Oh, we do like to be beside the seaside. So why not invest there?
Buying to let by the seaside has proved a shrewd investment for David Copley. So what is the secret of his success? Sharon Dale reports.
FASHIONABLE Whitby is now a year-round destination for holidaymakers and weekenders but with no shortage of accommodation, there is competition for their business.
Keen to invest on the coast, Harrogate-based investor David Copley arrived on the scene five years ago and identified two gaps in the market.
One was for luxury lets and the other was for large properties catering for extended families and groups of friends. In essence, Whitby needed more of the big and the beautiful.
David’s first project was Albany House, a Georgian townhouse in need of renovation. He gutted it and transformed it into a five star holiday home that sleeps 10 and provides him with a bolt hole by the sea.
In 2010, he bought East Row Lodge, a tired property with a small annexe, in nearby Sandsend. He spotted the potential to change the layout and create a top end let just feet from the beach.
“It needed a lot of work but the location was amazing and it had three private parking spaces, which was a real bonus. I changed the layout, re-wired, re-plumbed and re-decorated. I also added some clapboard to the front of the annexe to make it look more attractive and beach hut in style and that now houses a double bedroom and en-suite,” says David, a chartered surveyor and former estate agent, who was one half of the Beadnall Copley agency.
East Row Lodge now sleeps six and brings in £27,000 a year gross profit. It has a 75 per cent occupancy in an area where 50 per cent is the average.
“Both of the holiday lets give me double the return that I can make with standard buy-to-lets,” says David.
The secrets of his success are size and quality but he stresses that holiday letting also involves more work.
“There are lots of two bedroom lets in Whitby and Sandsend but there is increasing demand for large property so parents, children and grandparents can holiday together,” he says.
To ensure quality, he and his friends Bob and Susan GossClements, who also have a holiday home in Sandsend, formed their own lettings company, Yorkshire Coastal Cottages.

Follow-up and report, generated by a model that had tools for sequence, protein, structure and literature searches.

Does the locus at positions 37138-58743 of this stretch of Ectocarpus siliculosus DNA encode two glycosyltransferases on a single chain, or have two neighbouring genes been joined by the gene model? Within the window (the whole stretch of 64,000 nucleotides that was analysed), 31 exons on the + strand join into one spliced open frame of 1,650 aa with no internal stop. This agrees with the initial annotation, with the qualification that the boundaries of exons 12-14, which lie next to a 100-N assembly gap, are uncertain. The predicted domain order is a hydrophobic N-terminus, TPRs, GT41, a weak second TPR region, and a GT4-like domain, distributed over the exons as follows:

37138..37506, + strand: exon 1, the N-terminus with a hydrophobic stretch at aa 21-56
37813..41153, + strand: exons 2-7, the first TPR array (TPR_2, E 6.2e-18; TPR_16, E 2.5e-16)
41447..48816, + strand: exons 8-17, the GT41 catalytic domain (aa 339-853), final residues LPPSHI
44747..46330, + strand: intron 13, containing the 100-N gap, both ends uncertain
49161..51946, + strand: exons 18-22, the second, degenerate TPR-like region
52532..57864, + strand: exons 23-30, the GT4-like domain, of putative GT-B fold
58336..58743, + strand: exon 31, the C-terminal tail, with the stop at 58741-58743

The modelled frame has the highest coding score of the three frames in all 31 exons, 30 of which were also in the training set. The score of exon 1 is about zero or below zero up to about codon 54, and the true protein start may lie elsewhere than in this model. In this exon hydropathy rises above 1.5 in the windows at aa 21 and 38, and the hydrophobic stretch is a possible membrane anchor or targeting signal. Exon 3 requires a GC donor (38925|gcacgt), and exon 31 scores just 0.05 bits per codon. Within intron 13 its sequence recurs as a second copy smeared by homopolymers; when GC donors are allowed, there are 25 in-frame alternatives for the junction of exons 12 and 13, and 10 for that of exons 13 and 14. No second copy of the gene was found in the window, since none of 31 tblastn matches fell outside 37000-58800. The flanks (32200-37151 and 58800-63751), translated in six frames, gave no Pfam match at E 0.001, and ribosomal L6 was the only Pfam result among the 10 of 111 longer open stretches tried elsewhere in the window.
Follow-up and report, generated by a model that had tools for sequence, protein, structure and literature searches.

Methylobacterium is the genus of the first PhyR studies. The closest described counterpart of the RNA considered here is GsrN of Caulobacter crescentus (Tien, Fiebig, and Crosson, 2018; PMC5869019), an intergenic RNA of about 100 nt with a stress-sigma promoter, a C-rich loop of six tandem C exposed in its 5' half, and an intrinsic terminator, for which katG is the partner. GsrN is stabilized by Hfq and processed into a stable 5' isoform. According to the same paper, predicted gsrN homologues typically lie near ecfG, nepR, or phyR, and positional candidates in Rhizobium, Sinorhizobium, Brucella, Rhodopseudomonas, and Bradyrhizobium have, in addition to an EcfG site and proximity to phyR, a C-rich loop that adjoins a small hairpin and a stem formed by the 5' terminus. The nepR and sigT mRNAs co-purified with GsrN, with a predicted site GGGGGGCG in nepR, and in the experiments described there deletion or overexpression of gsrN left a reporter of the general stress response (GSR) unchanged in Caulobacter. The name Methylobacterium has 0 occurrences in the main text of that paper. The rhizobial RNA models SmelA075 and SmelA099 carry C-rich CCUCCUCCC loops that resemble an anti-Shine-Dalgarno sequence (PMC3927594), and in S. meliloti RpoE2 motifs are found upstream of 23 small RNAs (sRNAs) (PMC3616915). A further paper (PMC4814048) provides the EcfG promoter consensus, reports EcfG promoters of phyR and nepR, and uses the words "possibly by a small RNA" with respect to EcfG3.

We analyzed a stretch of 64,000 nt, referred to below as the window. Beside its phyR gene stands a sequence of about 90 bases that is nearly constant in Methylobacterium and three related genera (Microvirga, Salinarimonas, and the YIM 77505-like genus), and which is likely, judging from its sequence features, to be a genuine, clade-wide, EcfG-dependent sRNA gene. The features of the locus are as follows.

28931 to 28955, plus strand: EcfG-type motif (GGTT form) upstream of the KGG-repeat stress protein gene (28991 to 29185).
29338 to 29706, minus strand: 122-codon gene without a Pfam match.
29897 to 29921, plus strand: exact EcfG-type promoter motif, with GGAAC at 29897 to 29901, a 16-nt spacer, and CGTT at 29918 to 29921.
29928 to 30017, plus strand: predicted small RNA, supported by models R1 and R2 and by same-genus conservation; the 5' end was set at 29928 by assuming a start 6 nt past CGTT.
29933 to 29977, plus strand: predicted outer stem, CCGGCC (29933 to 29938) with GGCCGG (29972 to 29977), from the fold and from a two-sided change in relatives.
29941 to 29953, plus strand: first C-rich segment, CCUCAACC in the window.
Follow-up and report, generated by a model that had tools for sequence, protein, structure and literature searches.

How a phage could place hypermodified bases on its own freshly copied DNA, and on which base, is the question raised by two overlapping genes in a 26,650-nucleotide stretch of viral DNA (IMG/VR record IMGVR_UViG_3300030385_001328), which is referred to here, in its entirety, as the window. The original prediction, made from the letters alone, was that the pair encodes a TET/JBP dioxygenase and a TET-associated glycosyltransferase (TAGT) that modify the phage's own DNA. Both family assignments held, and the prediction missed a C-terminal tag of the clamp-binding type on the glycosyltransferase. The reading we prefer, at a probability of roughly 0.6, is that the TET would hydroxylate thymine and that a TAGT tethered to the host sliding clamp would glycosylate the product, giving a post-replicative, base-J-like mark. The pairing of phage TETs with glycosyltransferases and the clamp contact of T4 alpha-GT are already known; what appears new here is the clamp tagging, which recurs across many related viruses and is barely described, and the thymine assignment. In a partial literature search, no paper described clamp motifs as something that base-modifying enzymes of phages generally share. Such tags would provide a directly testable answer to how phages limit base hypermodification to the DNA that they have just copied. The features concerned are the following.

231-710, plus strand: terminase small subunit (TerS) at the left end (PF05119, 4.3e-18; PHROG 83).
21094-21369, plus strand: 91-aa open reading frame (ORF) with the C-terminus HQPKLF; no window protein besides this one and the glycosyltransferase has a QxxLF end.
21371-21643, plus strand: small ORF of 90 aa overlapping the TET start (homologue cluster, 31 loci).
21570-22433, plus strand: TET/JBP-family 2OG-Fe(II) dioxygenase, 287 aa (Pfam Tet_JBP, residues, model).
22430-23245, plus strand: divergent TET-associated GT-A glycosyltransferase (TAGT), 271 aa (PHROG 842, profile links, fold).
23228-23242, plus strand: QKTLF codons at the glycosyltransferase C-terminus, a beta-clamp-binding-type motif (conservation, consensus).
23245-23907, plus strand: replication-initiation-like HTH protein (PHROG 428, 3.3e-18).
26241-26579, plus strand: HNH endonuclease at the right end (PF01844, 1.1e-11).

“Holiday lets are more lucrative than standard lets but they need constant hands-on property management and more maintenance. High standards are crucial at the five star end of the market. I’ve put sound insulation in East Row Lodge so you can’t hear the people coughing and sneezing upstairs. Guests want great décor, high thread count sheets and good crockery and glasses,” says David.
For those who want to be hands off, he charges 18 per cent of the booking for a fully-managed service plus maintenance costs. For those thinking of investing, it also pays to have a good accountant, as holiday can have tax advantages.
Here are some tax tips from Richard Whitelock of Garbutt and Elliott:
If a holiday homes is not let and no income is generated, income tax does not come into the equation. But when the property is eventually sold there may be capital gains tax (CGT) due on any profit made on the sale of 18 and/or 28 per cent.
If the owner occupies the holiday home themselves, even if only for a few weeks per year, then the property may be treated as a second residence for CGT purposes. Depending on the circumstances and with careful planning and use of a formal CGT election, it may be possible to reduce or even eliminate any exposure to CGT on sale.
In cases where the property is let as holiday accommodation, any profit will be subject to income tax, in addition to the CGT on sale. However, properties which qualify as ‘furnished holiday lettings’ (FHLs) can benefit from more favourable treatment than ordinary buy-tolets, as they are treated as a trade for some tax purposes.
The main advantages of FHLs are:
Some expenditure may qualify for capital allowances (on furniture, furnishings, etc.), which can often mean a greater deduction from income and lower taxable profits.
CGT reliefs for traders apply to FHLs, including Entrepreneurs’ Relief which gives entitlement to a CGT rate of just 10%.
Rental profits count as relevant UK earnings for pension contribution purposes.
In order to qualify as a FHL, the property must meet all of the following criteria:
The property must be available for commercial holiday letting to the public for at least 30 weeks per year
The property must be actually let for at least 15 weeks per year
Any periods of “longer-term occupation”, more than 31 consecutive days by the same person, cannot exceed 155 days during any year.
If the property is used personally by the owner or by family or friends for no or below-market rent, while also let, there will be a requirement to apportion certain expenses between the periods of commercial and personal use, which will result in the partial disallowance of some expenses in order to arrive at the net profit for income tax purposes.
Garbutt & Elliott are chartered accountants and tax advisers with offices in Leeds and York, www. garbutt-elliott.co.uk.
Yorkshire Coastal Cottages, Skinner Street, Whitby, www. yorkshirecoastalcottages.co.uk
SEASIDE SPECIAL: David Copley revamped East Row Lodge and its annexe to create a highly successful, five star holiday let that sleeps six.